BOOKCASE : The Undercover Economist

• Tim Harford • Little, Brown • $35

This book is freshly minted explanation of some key economic fundamentals with topical, even homely, examples of how things work and sprightly text instead of graphs, statistics and the dense, plodding sentences that are barrier to enjoyment – and even comprehension – in many economic tomes.
Tim Harford has the very marketable gift of de-mystifying economic theories. He shows, with relaxed verbal charm, how economic principles shape our day-to-day lives, explaining traffic jams, high coffee prices and great more besides.
The Undercover Economist deals, in thoroughly unthreatening manner, with concepts like scarce resources, market power, efficiency, price gouging, market failure, inside information and game theory. Discussing these, he’s also letting readers into number of seemingly unrelated secrets: why organic tomatoes are rarely found next to regular tomatoes at the supermarket; why there’s Starbucks on practically every major American city corner; why the gap between rich and poor nations is so great; and how China became, seemingly overnight, an economic success.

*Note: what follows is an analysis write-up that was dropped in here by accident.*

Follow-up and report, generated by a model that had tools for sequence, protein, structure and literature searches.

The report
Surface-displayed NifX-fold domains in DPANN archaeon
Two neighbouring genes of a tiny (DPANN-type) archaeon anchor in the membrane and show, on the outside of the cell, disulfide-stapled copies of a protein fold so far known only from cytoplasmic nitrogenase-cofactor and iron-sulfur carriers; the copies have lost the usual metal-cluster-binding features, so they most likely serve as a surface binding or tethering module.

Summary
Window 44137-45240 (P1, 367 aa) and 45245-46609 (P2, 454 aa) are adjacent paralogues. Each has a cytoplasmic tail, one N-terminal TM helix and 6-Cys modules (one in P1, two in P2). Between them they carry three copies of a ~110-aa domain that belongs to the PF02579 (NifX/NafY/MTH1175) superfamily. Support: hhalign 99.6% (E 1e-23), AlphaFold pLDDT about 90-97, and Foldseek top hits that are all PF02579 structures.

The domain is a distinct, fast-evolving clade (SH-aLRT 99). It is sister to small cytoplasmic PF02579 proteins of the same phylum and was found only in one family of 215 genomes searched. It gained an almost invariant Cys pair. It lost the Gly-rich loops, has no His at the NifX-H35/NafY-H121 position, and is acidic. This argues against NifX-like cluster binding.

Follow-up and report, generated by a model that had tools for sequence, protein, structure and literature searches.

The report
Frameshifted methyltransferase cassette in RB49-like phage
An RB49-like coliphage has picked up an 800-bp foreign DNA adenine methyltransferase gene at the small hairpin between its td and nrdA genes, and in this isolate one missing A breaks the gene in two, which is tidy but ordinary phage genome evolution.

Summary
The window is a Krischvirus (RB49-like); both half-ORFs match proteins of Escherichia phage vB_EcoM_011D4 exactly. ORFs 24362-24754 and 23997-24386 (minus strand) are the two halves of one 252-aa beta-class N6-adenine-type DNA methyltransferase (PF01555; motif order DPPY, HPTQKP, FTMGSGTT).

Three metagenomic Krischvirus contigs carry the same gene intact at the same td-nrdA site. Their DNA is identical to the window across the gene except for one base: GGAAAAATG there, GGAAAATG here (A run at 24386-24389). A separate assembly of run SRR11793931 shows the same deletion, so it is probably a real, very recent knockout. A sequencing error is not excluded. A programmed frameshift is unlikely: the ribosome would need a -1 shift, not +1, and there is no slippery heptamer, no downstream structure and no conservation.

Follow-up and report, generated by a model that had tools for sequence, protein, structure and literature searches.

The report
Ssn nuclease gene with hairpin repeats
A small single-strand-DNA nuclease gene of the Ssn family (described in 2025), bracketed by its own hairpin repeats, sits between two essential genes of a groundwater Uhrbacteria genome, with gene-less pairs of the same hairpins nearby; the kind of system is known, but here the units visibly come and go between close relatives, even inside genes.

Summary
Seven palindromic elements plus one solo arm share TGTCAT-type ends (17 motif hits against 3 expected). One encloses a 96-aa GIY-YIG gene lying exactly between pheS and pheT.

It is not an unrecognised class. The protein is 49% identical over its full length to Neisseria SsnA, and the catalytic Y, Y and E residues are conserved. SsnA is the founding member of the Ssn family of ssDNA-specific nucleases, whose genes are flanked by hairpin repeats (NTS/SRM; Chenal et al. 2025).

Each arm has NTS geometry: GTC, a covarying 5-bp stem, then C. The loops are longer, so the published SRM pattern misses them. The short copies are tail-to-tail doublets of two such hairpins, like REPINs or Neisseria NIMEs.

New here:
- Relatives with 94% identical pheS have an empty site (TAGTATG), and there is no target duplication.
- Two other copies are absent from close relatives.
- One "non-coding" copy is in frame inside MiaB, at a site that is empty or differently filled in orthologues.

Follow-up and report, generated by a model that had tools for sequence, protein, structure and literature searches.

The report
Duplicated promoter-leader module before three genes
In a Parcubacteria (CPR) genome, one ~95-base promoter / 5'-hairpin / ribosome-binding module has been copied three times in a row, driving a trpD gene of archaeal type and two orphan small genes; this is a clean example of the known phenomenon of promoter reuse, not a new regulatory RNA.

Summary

Harford breathes life into economic reasoning, making the often esoteric and dull much more accessible and stimulating. Early in The Undercover Economist, he demonstrates how theories like David Ricardo’s 1817 treatise on farm rents can be applied to coffee shop locations and the cost of oil. As Harford puts it: “David Ricardo managed to write an analysis of cappuccino bars in train stations before either cappuccino bars or train stations existed. This is the kind of trick that makes people either hate or love economics … It’s easy to see the difference between 19th century farming and 21st century frothing, but not so easy to see the similarity before it is pointed out to us. Economics is partly about modelling, about articulating basic principles and patterns that operate behind seemingly complex subjects like the rent on farms or coffee bars.”
The particular charm of The Undercover Economist is Harford’s ability to illuminate the economics of small things, the everyday experiences and frustrations that readers can readily identify with and use them to explain the fundamental principles of the modern economy.
One small quibble: tea drinkers may get tired of his constant preoccupation with coffee – Starbucks, corner and railway station coffee shops, and the pricing of cappuccinos. Harford clearly needs lots of the stuff to keep the ideas bubbling. – Ian F Grant

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